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The earlier pre-Delhi granite and pegmatite intrusive into the Aravallis, are distinct and distinguishable from the later postDelhi granite and pegmatite.

Description of the Syenites.

The ten masses of syenite are on different horizons, and the largest has an irregular margin, owing to the low and variable dip of the rocks enclosing it, to which it is roughly parallel but to a certain extent transgressive. The four outcrops farthest to the north-east are isolated in, and separated from each other by, alluvium and the real form of the intrusions to which they belong is accordingly unknown.

In texture the syenite is very variable but may be divided into three mutually merging varieties:-a granitoid type in which the minerals are evenly distributed with no orientation in any particular direction, a foliated type in which the small patches of the different minerals are elongated in parallel planes, and a banded type in which layers of rock poor in dark ferro-magnesian minerals, an inch or two wide, alternate with basic bands of about the same thickness, consisting almost entirely of ferro-magnesians. In the first the clusters of amphibole are compact (glomero-porphyritic texture of Judd)1, but in the two other varieties are markedly crushed and broken up, as if by motion in a semi-consolidated magma (glomero-plasmatic texture of Loewinson-Lessing).2

Both foliation and banding follow the foliation of the enclosing Aravalli rocks, the largest mass is very strongly banded or foliated over most of its outcrop, and its foliation dips are at low angles, 20°-40° to north-west and west-north-west, and notably regular, taken as a whole, though in detail often much corrugated.


In the field the grain of the rock is that of a somewhat coarse, non-porphyritic granite, but as explained below, the grain under the microscope, is much finer than is macroscopically apparent, for what appear to be mineral individuals are in reality aggregates of like minerals.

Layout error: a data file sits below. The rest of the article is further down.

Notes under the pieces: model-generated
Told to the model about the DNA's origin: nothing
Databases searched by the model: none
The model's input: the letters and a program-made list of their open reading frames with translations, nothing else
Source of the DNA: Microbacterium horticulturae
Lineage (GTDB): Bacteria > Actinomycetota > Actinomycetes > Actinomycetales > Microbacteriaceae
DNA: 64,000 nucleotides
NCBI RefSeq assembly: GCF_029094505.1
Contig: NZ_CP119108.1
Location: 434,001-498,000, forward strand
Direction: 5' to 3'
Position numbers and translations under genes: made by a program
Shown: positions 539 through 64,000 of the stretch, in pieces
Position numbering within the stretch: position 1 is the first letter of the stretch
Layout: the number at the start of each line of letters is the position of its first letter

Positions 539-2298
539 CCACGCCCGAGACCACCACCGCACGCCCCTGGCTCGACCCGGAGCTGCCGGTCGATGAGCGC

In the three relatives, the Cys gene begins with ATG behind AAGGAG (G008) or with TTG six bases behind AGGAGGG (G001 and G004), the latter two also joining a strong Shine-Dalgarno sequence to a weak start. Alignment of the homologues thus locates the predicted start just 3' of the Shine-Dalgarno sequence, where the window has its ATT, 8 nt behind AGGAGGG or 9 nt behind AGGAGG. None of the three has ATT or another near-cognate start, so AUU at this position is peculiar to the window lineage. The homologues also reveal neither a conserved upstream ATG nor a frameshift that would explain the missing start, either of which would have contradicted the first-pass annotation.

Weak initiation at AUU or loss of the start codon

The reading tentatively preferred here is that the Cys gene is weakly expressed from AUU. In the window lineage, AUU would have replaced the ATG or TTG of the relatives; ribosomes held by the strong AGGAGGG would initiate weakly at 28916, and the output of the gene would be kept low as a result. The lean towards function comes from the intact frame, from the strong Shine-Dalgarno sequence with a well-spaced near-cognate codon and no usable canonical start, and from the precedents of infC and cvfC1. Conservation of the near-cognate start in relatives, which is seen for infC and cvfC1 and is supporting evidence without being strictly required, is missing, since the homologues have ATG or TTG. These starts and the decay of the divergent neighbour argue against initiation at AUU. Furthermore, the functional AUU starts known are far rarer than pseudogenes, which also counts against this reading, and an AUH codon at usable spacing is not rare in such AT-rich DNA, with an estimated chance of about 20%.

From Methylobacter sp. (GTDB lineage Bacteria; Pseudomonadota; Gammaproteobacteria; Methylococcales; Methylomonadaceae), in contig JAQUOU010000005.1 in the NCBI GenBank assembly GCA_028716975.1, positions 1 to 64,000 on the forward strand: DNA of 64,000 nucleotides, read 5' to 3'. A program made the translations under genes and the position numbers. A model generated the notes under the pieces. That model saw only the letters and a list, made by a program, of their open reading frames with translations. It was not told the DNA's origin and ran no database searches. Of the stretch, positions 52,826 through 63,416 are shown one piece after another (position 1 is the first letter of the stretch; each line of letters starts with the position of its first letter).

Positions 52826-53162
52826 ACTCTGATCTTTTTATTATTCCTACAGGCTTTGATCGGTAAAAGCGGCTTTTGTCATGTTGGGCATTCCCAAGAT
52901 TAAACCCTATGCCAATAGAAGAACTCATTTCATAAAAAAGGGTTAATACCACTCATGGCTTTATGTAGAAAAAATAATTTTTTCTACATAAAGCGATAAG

1 Quart. Journ. Geol. Soc., XLII, (1886), p. 71.

216 Geologische Skizze der Besitzung Jushno-Saosersk und des Berges Deneshkin Kamen in nördl. Ural," (1900), p. 208.

In hand specimens, or more clearly on weathered surfaces, it appears to have three mineral constituents :-(a) grey, with а greenish tinge and greasy lustre, which weathers more readily than the other two, thus giving rise to recesses and producing the conspicuous pitted surface characteristic of the syenite, (b) in about equal amount to (a), an aggregate of pure white granular crystals with pearly lustre, projecting in relief on weathering and sometimes showing simple twinning to the naked eye, (c) a greenish black mineral, in less amount than either (a) or (b), weathering more readily than (b) and less readily than (a), seen in hand specimens to be made up of interfelted elongated crystals showing a distinct cleavage. (a) The greyish constituent is under the microscope seen to be clusters of nepheline grains with a certain intermixture of felspars, (b) is essentially an aggregate of orthoclase and microcline (probably soda-microcline) with some albite, and (c) is mainly amphibole with sphene and apatite. Biotite and garnet are also present in some modifications.